Tech

We may finally know how migrating birds sense Earth’s magnetic field

A magnetically sensitive molecule called cryptochrome 4 found inside robin eyes could help them navigate

Corinna Langebrake and Ilia Solov’yov

We may finally know the secret to how migrating birds can sense Earth’s magnetic fields: a molecule in their eyes called cryptochrome 4 that is sensitive to magnetism, potentially giving the animals an internal compass.

The process may result in the animals seeing darker or lighter areas in their vision when they look in the direction of magnetic field lines, says Henrik Mouritsen at the University of Oldenburg in Germany. “You may be able to see where north is as kind of a shading on whatever else you would be seeing.”

Previous work has shown that certain species of birds, such as the European robin (Erithacus rubecula), use Earth’s magnetic fields when they migrate, as well as using visual and other cues. Some European robins migrate south every northern hemisphere winter, for instance from Scandinavia to the UK, and return in spring.

At least part of this ability is thought to lie in their eyes, because their magnetism sensing is disturbed in the absence of light. Mouritsen has previously shown that when birds are using their internal compass, the information is processed in the same parts of the brain that process vision.

Suspicion had fallen on the cryptochrome 4 molecule because it is present in the eye’s light-detecting cells and has a structure that suggests it can be affected by magnetic fields. Now Mouritsen and his colleagues have shown how the molecule reacts to magnetic fields in the lab.

The team found that in the presence of light, electrons can jump between different parts of the molecule, and between it and another molecule called flavin adenine dinucleotide (FAD), ultimately leading to the production of a compound called CRY4-FADH*. The process is suppressed by weak magnetic fields.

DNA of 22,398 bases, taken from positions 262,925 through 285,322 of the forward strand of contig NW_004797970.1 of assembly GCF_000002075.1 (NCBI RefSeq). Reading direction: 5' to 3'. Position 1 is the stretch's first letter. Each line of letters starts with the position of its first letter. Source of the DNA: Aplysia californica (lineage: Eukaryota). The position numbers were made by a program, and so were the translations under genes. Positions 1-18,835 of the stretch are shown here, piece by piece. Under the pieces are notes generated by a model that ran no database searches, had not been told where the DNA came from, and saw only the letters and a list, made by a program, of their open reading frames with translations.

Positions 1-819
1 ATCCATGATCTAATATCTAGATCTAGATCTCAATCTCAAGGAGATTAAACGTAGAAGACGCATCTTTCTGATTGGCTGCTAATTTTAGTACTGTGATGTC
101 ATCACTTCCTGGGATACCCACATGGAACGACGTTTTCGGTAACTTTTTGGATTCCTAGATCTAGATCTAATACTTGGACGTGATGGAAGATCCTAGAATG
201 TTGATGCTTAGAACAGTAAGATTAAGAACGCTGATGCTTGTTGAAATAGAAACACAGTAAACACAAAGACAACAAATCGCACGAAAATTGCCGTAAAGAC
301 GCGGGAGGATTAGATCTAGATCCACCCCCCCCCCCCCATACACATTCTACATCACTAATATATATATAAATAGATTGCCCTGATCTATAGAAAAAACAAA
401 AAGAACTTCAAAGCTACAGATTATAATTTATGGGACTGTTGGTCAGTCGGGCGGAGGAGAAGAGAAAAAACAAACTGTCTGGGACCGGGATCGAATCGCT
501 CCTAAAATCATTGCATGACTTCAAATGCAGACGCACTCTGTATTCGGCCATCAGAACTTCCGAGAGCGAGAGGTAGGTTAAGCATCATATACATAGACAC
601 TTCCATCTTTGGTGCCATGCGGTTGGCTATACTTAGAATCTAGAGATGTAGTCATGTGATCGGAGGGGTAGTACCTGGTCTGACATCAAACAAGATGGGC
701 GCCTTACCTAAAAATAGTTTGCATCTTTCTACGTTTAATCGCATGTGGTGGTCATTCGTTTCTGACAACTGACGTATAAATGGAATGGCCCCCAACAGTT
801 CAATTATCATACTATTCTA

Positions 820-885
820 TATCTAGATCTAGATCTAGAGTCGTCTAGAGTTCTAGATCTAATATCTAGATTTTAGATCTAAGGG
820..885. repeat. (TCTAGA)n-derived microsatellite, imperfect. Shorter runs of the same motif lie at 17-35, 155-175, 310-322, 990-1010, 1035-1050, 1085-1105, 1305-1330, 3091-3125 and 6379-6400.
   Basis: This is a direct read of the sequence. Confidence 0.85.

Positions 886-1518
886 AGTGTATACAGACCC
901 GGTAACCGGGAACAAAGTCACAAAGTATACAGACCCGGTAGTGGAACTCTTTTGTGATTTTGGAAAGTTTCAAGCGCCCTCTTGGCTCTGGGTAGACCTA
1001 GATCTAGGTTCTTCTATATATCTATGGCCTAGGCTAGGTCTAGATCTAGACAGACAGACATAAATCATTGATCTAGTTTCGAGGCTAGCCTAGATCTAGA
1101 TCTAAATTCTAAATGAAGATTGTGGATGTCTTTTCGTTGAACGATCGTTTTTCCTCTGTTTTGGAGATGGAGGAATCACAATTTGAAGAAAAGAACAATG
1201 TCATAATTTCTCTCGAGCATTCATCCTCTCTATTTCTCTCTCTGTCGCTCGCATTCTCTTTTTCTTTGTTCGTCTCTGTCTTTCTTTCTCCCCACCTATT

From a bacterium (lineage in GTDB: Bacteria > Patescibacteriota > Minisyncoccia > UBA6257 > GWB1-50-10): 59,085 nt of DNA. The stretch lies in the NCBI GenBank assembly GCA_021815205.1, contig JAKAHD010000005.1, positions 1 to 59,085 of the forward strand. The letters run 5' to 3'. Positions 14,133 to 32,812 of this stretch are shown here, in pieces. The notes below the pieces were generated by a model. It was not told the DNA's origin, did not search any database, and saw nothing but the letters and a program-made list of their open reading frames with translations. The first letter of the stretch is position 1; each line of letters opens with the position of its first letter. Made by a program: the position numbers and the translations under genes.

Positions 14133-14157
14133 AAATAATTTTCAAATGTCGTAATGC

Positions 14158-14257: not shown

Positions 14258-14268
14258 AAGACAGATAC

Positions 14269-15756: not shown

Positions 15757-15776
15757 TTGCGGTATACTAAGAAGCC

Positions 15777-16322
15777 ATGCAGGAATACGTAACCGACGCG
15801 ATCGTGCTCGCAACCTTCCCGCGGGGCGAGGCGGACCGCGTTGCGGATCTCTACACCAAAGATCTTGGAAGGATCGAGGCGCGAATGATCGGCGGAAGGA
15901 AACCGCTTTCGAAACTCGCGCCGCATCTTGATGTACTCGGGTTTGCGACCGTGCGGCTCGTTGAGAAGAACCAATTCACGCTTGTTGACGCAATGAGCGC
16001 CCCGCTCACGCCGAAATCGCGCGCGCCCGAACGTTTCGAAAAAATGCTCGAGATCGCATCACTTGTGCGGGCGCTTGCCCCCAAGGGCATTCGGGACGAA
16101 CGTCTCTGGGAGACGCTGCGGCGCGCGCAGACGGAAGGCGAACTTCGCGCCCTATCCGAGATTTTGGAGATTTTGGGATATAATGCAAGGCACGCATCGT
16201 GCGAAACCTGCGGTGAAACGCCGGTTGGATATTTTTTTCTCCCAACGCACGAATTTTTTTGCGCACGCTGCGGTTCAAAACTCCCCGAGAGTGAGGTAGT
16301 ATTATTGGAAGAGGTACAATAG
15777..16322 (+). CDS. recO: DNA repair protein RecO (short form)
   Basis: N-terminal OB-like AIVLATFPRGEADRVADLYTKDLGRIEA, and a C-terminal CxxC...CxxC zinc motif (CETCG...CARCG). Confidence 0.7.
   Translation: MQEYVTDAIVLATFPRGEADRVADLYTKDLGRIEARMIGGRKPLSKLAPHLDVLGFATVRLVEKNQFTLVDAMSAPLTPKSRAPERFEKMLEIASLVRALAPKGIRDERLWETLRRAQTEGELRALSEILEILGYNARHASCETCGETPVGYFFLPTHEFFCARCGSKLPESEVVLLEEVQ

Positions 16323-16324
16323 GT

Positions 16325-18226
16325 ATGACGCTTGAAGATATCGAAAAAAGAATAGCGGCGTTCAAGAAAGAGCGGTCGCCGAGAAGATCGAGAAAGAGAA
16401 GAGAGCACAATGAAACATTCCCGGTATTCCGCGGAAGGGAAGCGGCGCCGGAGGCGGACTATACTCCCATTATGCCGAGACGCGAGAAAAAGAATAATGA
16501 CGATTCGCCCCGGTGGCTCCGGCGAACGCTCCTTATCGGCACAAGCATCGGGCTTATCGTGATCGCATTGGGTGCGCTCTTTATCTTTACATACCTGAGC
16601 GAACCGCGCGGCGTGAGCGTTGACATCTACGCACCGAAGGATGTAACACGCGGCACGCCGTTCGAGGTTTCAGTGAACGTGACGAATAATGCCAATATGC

Changes in the level of CRY4-FADH* potentially give a way that light-sensitive cells in the eye could alter their output – making the view lighter or darker – depending on the direction and strength of the magnetic field in the bird’s field of vision, says Mouritsen.

The team also looked at cryptochrome 4 from chickens and pigeons, which don’t migrate. Each species has a slightly different version of the molecule, and the team found that these two are less affected by magnetism, suggesting that the version of the molecule in migratory birds has been fine-tuned to amplify its sensitivity.

But the group hasn’t yet demonstrated that cryptochrome 4 is being used for magnetic sensing in real life. “We only looked at this molecule in isolation, we didn’t look at it inside a bird, which is extremely difficult,” says Mouritsen.

Roswitha Wiltschko at the Goethe University Frankfurt in Germany says the case isn’t yet closed because there are other cryptochrome molecules in the eye that could also be responsible for magnetic sensing. “Most cryptochromes would in principle be able to do this,” she says.

And while pigeons don’t migrate, they have been found to be able to navigate using magnetism, suggesting that other cryptochrome molecules may play a role, she says.

Journal reference: Nature, DOI: 10.1038/s41586-021-03618-9

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